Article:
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Salesforce Issues Dyre Warning

By Erika Morphy
Sep 10, 2014 12:55 PM PT

Salesforce.com this week notified its customers that the Dyre malware, which typically targets customers of large financial institutions, might have been tweaked to target some Salesforce users as well.

Salesforce Issues Dyre Warning

There was no evidence that any Salesforce customers had been impacted, the company said, but if any customer should be affected, it would provide guidance.

Salesforce emphasized the malware was not exploiting any vulnerability within its system. Dyre resides on infected computer systems and steals user log-in credentials.

"Cloud providers take responsibility for protecting their applications from downtime and service-wide security breaches -- not for security of user credentials and data, which remain the responsibility of the enterprise," BitGlass CEO Nat Kausik told CRM Buyer.

Why Salesforce?

It is not surprising that a malware writer would target a cloud-based CRM system, said Ken Westin, security analyst for Tripwire.

They are optimal targets because they are easily accessed online and contain a great deal of information about a range of businesses, he told CRM Buyer.

"Downloading a customer list is an excellent start to a successful spearphishing campaign," Westin noted. "All the information necessary to write an email that looks like it came from a trusted source is included in these databases."

Other reasons include gaining access to sensitive business information, such as marketing campaigns, with the intent of selling it.

Salesforce's Response

Salesforce is handling the possible threat to its customers by the book, said David Pack, director of LogRhythm.

"Since the malware in question resides on users' endpoints, completely outside of Salesforce's control, they certainly could have made the case that it's not their problem," he told CRM Buyer.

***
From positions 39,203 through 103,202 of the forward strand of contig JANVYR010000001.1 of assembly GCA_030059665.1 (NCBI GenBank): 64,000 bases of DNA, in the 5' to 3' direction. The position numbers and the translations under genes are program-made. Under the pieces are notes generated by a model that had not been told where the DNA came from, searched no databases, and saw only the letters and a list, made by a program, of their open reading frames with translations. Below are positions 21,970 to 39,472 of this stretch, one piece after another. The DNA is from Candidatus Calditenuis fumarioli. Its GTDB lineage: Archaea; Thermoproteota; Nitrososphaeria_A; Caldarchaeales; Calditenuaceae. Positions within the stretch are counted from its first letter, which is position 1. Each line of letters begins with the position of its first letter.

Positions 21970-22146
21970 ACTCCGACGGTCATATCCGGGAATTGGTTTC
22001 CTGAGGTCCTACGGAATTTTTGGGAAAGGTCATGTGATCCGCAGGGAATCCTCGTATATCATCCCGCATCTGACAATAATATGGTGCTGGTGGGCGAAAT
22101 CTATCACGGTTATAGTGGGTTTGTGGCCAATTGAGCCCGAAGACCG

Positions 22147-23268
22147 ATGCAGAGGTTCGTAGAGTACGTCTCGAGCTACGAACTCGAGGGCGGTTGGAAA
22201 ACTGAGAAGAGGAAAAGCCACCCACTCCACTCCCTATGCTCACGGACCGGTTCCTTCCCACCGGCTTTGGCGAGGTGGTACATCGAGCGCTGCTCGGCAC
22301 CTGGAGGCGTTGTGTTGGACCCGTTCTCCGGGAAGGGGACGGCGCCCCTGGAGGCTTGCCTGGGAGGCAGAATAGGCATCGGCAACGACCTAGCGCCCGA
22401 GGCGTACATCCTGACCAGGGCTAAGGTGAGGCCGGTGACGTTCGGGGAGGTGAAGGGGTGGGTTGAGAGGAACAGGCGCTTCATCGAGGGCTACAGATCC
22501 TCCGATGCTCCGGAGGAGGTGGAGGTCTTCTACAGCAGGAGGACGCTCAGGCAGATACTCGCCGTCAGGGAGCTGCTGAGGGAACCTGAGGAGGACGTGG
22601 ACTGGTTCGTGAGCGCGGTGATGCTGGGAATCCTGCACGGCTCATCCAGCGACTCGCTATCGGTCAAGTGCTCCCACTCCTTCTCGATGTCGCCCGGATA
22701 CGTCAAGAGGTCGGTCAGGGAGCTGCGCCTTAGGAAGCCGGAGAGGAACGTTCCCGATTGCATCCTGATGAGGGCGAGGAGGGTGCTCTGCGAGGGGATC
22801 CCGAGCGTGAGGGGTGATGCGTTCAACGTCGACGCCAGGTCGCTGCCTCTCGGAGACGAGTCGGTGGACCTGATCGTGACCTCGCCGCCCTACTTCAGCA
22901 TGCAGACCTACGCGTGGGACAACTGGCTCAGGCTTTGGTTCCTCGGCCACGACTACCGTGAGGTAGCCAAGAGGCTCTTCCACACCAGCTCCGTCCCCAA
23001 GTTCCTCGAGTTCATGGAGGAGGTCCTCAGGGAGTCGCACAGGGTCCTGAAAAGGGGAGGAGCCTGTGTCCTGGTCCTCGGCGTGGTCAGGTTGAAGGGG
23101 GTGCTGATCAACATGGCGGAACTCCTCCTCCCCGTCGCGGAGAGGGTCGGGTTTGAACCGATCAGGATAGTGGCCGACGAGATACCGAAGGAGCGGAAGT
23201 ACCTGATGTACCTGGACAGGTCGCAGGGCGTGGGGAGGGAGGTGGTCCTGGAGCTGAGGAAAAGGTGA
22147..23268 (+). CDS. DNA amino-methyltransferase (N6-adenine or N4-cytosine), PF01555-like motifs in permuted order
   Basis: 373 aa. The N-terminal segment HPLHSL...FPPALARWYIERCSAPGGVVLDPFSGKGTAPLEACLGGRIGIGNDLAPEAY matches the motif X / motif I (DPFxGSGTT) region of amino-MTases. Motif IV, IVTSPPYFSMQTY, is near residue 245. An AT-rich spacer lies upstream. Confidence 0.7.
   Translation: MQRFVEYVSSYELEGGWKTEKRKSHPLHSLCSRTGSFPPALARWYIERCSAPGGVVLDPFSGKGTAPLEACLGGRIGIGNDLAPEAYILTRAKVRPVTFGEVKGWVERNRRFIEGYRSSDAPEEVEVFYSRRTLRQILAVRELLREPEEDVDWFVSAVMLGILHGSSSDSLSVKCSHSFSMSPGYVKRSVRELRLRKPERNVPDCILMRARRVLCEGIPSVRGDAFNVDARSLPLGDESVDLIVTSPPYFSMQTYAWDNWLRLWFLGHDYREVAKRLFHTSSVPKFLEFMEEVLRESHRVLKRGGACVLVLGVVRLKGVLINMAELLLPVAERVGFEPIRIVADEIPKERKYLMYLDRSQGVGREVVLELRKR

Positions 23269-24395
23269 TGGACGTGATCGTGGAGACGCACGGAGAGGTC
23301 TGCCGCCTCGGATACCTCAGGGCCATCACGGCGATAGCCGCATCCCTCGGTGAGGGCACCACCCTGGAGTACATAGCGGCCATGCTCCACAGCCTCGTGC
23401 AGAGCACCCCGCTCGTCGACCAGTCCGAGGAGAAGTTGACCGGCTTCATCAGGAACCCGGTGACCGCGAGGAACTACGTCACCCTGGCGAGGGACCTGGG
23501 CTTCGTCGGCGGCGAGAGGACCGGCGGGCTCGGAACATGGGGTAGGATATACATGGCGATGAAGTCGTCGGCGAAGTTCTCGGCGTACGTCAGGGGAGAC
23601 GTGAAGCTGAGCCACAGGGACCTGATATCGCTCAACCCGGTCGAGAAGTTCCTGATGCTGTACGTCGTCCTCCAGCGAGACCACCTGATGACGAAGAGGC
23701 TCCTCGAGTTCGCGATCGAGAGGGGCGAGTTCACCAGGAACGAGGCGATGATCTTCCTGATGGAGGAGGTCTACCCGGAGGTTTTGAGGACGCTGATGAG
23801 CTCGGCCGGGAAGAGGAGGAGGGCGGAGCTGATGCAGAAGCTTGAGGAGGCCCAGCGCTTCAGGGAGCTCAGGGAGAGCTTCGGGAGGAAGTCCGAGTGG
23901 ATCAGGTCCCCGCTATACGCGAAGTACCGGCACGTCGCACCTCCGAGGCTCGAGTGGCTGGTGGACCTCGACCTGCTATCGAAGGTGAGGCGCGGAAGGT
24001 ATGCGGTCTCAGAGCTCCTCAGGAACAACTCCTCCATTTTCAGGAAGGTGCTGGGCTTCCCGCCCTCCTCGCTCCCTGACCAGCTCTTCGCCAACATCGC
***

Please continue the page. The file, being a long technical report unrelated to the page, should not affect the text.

Instead, "they have been proactive in notifying the community of the threat, have provided guidance outlining ways to mitigate the threat, and have stated that they will notify customers if they suspect an actual compromise has happened. In short, they are sharing information, providing clear mitigation strategies, and committing to continued focus on their customer's security."

A Wake-Up Call

The incident is a wake-up call for cloud service providers and the companies that use them, said Kevin Jones, senior information security architect for Thycotic.

"Any business using cloud-based services needs to gain better control and visibility into activity around user credentials," he told CRM Buyer. "Those credentials need to be changed often, using best security practices. IT needs to be able to manage passwords automatically, so they know when they've been changed, who in the organization is using them, and most of all, when they've been compromised."

Also, IT should be educating staff on what phishing sites and emails often look like in order to mitigate future risk, Jones added.

"Often, IT or technically savvy IT admins take it for granted that a bank or a vendor would never email you asking for your password. Don't assume that everyone in your organization knows this."

That is not to say the cloud is on the brink of becoming a dangerous place for companies.

"Cloud security is improving all the time, with encryption of the stored data, two-factor authentication mechanisms, and intelligent monitoring systems that can identify activities that are aberrant," Scott Chate, VP with Corent Technology told CRM Buyer.

"However, the cybercriminals are also reacting to every advance with new techniques and exploits of inevitable bugs," he noted. "It's a war where the enemy is largely unseen and hard to identify, as they are often far away in other jurisdictions."


Erika Morphy has been writing about technology, finance and business issues for more than 20 years. She lives in Silver Spring, Md.


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